just to try and help answer pats questions the red part on the front under the headlight is part of the barton pump if i remember its a type of valve unit, the wheel unit behind the door is a modification when the body work was redone post war, the home office spec bodys as per (gxa 788) did have a 500 gallon water tank fitted but this was mainly to feed the two hose reels fitted to the roof to provide a first responce till a hydrant or dam could be set into the pump for greater firefighting efficiencey. As a foot note the escapes on these appliances were all wood on weighed in the region of half a ton(500kg) in weight and take a crew of 3-4 men to move around.

Added by Kevin Brown on 02 September 2008.
Post 1948 (and rebodied as seen as a limousine) it was with Birmingham as fleet number 48, and disposed of in 1955.

Added by Ian Moore on 03 September 2008.
Hi all,

I've spoken to the owner of this vehicle today and he confirms that it was indeed an ordering error on the number plate by a previous owner it is GXM 142 !and he also confirms he also had GXM 157 to use for spares.

Added by Rick Loudon on 03 September 2008.
I own the appliance pictured, it is currently undergoing an extensive restoration. I purchased the appliance in 2005 from kevin waller of diss norfolk. The appliance was stationed in birmingham during the war, until the disbandment of the NFS in 1948, when it was retained by the Birmingham Fire and Ambulance Service. In late 1948 or early 1949 it was involved in an accident which resolted in it being rebodied in the style of a pre war leyland cub. In 1955 it was sold to the London Brick Company in bedfordshire who converted to a hose real tender (HRT), removing the escape and the front mounted barton pump. The actual regestration is GXM 142, the previous owner in haste when ordering the numberplates, recited the X and M in the wrong order.

Added by Simon Tullett on 03 September 2008.
Thanks, Kevin, for answering my curiosity questions.
And, I always did wonder what the Wheeled Escape weight would be; and getting it around on its carriage wheels.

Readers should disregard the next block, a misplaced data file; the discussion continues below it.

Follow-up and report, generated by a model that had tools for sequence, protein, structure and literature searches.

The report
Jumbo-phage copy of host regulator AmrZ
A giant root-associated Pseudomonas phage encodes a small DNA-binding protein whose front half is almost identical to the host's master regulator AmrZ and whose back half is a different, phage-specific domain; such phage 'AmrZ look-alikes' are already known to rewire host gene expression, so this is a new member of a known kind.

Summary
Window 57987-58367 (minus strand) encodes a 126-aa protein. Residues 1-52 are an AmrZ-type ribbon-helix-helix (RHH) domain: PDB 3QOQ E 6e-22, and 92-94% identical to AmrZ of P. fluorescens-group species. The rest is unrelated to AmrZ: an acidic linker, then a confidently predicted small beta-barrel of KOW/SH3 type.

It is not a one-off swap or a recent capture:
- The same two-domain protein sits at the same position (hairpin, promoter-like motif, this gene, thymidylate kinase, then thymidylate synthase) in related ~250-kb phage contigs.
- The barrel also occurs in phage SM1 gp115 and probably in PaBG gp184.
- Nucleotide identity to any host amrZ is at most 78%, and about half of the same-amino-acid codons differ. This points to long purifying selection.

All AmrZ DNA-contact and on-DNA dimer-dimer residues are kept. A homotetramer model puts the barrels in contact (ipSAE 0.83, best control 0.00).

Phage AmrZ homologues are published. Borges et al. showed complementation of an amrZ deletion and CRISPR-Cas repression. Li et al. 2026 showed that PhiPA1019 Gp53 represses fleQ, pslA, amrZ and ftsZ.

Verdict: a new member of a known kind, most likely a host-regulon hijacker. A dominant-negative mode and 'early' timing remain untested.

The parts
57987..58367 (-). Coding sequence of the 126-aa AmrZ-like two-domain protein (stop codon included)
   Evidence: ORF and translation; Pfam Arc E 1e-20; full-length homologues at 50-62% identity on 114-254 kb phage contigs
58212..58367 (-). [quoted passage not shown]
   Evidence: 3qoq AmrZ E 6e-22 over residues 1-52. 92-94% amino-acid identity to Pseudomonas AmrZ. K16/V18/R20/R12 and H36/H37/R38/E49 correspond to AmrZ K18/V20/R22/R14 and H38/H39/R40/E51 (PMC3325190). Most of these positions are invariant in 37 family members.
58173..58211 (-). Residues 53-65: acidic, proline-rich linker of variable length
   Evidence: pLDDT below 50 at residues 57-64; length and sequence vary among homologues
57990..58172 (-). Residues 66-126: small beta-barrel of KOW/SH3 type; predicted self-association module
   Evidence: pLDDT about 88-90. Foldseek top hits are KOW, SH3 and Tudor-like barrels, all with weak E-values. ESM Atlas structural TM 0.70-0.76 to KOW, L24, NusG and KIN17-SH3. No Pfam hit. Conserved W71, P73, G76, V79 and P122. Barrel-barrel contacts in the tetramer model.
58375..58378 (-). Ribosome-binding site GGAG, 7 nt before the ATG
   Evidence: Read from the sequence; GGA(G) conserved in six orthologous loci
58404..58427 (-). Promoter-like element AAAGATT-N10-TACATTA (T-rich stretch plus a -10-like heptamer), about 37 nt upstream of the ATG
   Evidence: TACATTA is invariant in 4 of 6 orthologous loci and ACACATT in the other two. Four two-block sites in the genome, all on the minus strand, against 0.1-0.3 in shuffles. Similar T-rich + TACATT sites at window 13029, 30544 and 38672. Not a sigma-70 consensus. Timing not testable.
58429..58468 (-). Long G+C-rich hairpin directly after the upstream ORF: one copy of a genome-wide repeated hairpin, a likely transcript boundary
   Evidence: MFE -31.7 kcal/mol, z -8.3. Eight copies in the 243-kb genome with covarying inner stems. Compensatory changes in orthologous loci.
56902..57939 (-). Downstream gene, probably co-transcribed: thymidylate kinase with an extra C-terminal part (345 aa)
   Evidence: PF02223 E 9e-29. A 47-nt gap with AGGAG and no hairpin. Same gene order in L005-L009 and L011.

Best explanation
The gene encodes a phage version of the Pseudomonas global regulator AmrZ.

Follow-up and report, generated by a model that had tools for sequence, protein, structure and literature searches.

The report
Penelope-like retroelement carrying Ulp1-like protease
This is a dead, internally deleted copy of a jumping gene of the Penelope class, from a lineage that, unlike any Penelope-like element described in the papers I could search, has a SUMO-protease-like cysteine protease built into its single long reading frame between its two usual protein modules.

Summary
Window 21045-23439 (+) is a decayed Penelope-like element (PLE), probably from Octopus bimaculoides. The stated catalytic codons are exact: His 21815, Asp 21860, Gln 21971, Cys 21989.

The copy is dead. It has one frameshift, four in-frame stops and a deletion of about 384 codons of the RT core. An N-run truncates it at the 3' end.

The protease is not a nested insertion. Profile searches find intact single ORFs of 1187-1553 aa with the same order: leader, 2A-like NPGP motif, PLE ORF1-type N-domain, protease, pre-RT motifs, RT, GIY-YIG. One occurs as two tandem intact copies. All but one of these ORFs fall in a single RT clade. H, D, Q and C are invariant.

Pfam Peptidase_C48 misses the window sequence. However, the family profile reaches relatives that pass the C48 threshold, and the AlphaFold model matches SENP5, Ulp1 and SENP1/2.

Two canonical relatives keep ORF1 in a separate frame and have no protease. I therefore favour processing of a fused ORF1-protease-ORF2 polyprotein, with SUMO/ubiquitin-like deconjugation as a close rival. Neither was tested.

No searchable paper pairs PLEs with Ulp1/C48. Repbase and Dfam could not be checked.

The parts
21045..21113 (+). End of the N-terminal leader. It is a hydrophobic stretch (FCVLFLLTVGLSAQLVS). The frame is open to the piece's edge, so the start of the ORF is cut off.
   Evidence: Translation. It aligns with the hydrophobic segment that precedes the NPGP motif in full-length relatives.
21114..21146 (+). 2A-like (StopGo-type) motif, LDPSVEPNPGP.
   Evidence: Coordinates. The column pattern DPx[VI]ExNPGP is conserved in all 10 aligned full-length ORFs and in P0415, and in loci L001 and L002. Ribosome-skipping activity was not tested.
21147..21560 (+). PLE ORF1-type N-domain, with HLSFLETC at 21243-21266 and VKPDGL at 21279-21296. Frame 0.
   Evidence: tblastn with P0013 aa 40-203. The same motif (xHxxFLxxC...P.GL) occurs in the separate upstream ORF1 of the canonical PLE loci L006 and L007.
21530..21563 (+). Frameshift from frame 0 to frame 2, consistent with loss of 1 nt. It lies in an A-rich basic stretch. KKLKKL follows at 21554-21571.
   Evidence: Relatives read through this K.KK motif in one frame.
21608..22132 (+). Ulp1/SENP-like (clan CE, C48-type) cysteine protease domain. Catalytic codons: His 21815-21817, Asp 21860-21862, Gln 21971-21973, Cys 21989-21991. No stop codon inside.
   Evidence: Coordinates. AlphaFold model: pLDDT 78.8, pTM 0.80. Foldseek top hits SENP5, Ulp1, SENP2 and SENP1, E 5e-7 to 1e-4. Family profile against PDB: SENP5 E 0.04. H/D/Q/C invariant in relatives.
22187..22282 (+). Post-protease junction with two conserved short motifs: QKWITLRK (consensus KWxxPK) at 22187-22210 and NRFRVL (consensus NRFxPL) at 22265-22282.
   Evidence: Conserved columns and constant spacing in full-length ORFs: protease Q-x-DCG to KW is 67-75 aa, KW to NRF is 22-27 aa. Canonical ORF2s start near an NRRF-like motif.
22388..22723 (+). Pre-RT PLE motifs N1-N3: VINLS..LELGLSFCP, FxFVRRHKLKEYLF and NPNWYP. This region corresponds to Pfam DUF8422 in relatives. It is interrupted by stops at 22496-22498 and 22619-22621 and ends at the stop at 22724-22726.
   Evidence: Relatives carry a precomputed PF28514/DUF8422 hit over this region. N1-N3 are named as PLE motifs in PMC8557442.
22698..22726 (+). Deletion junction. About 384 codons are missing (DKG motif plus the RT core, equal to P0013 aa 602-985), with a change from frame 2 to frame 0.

Over here, the nearest equivalent must be the Bangor Ladder, or Pole Ladder.
Simply a 50-foot plus extension ladder, with bracing poles on each side, called Tormentor Poles. Required up to 6 men - and must have been a real b***h to handle - particularly in the snow and ice of a winter fire-scene.

picture #4609 shows one, stowed overhead on Prince Rupert, British Columbia American LaFrance pumper.
If you had the terrain, definitely the wheels would be the way to go !

Regards, from Canada,

Added by Pat Rivers-Bowerman on 04 September 2008.
I'd like to thank all of you for the interest shown on my picture and information thats come forward on this Austin K4 ECU, a picture I took nearly 20yrs ago and which I new very little about until now. Thanks.

Added by Pete Matten on 04 September 2008.
Pete, and not to mention our man in Canada, Pat_R-B has solved the mystery surrounding picture #4609,!!

Added by Pavel on 05 September 2008.
I can't wait for the next old photo that we can get our teeth into! For Pat's benefit, I can tell you that I once weighed a Bayley wooden escape and it was 740kg.

Added by Chris Wood on 05 September 2008.
Hi Pete. Why were these appliances called Escape Carrying Units and not just Pump Escapes. Any ideas ? Thanks Paul.

Added by Paul Warnock on 05 September 2008.
Paul, a pump escape is an appliance that has a pump that can supply from an original supply (on board water tank) and that carries a wheeled escape. Many of the early original 1941/42 ECU's did not have the front mounted Barton Pump fitted or a water tank, they towed a trailor pump, this was all that the Home Office recomended. Later ECU' were fitted with hose reels and first aid tanks and really only after the war-when used by county brigades were they then referred to as Pump Escapes. Many of the early appliances were modified during the war period and of course meant they didn't have to tow a trailor pump.